Les Amours d'Astrée et de Céladon
**/**** Image B Sound B+
starring Andy Gillet, Stéphanie Crayencour, Cécile Cassel, Serge Renko
screenplay by Eric Rohmer, based on the novel L'Astrée by Honoré d'Urfé
directed by Eric Rohmer
by Travis Mackenzie Hoover Of all the Cahiers du cinema New Wave heroes, Eric Rohmer is the one I've thought about the least. His subdued, tasteful chamber drama never had the grab of the other four: he wasn't compellingly over-intellectual like Godard, entertaining to a fault like Truffaut, pointedly genre-ready like Chabrol, or off-book bizarre like Rivette. That's not necessarily a bad thing. To think about Truffaut and Godard is to think about a couple of grandstanders--one for "cinema," one for anti-cinema--who drew battle lines so intense and unreasonable that you felt dragged into a bloodbath. To think about Chabrol and Rivette--the popular artist and the intellectual--is to think of people working through their kinks without such alibis, and who are very good at the work.
The implication is not that Rohmer isn't good at his work, as he's great at it--it's just that he's keen on denying the kinks. Maybe the esteemed director has none, and he has every right to not air dirty laundry he doesn't have. Nevertheless, he's rather hell-bent on telling other people their business, from a position of health and authority possessed by no living thing. He's the only one who would baldly call his series "moral tales" and "comedies and proverbs," because he's confident he can show you the error of your ways. And really, he's one of the few who could get away with it, for his unhurried, quiet, leisurely Bazin-isms go down smoothly and put you at ease. But though I've grown to like some of his stuff, I never quite buy it, for Rohmer's moralism is so complete and obvious that there's not much to do but watch it and move on.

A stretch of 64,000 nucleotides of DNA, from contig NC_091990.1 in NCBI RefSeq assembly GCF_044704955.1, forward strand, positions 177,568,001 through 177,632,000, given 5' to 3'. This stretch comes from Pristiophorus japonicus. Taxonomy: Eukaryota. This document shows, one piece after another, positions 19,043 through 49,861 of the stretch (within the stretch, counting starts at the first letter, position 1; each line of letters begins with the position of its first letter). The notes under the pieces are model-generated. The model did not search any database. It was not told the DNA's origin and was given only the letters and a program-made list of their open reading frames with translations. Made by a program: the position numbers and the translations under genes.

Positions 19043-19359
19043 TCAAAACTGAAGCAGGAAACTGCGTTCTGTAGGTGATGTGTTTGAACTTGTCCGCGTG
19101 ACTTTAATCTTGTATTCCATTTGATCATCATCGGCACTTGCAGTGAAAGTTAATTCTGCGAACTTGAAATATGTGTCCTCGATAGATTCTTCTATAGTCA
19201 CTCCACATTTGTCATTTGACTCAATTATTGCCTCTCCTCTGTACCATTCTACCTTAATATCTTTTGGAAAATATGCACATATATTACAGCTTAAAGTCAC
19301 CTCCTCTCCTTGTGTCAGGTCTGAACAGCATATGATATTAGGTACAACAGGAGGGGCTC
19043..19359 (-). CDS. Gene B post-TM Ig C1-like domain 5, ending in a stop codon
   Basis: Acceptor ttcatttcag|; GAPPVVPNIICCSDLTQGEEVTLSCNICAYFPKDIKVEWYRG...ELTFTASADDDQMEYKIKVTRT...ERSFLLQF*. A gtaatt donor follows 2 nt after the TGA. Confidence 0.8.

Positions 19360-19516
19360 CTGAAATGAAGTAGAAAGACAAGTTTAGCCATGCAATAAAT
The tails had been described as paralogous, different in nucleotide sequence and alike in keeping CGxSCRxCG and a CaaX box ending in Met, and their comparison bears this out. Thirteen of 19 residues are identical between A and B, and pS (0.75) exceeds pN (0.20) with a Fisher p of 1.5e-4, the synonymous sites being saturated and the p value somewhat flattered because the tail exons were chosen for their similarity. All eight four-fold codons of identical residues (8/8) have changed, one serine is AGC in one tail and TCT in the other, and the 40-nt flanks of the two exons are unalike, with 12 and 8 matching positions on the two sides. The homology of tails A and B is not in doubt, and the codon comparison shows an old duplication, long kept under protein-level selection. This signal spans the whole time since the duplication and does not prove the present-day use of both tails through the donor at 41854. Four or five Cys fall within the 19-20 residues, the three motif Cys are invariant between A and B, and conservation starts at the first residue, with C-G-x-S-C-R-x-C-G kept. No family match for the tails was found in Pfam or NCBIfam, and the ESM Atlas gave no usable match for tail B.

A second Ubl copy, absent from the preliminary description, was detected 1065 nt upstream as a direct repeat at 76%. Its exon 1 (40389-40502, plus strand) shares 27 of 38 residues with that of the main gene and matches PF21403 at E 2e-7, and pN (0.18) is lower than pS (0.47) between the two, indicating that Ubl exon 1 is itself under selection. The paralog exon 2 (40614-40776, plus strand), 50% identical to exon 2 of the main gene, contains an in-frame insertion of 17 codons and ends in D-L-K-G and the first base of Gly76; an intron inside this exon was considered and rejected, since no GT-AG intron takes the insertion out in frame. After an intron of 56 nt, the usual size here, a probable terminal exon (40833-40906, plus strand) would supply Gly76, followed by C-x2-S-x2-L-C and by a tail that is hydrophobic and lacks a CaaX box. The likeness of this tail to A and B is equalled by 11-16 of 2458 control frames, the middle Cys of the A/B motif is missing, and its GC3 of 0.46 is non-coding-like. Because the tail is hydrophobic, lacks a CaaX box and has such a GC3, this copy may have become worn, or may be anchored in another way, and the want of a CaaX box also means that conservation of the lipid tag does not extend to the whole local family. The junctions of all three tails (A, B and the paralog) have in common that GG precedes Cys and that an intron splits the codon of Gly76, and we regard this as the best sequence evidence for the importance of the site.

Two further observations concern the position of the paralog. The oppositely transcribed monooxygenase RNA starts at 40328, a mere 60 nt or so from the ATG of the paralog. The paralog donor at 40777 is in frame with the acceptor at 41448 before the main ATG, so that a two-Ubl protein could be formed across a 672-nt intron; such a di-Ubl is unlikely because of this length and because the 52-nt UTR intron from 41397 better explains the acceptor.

So it is with The Romance of Astrea and Celadon (Les Amours d'Astrée et de Céladon). Where Rivette would take an easy-to-digest realistic novel (The Duchess of Langeais) and make it weirder than David Lynch, Rohmer takes the fantastical stuff of legend and makes it a mixer at the Sorbonne. Never one for mystery, he turns the fifth-century-set Honoré d'Urfé story into a relationship movie. Earthbound babes Astrea (Stéphanie Crayencour) and Celadon (Andy Gillet) have a tiff, prompting Celadon to hurl himself into the drink (it's the 5th century, they did that kind of thing). He is rescued by the nymph Galatea (Veronique Raymond) and, after much huffing and puffing about her amorous intentions, sneaks off into the forest to figure out how he got into this mess. Fortunately, he encounters the druid Adamas (Serge Renko), who gives the boy tips on how to win his woman back--which involves impersonating a female in the climactic festival scene.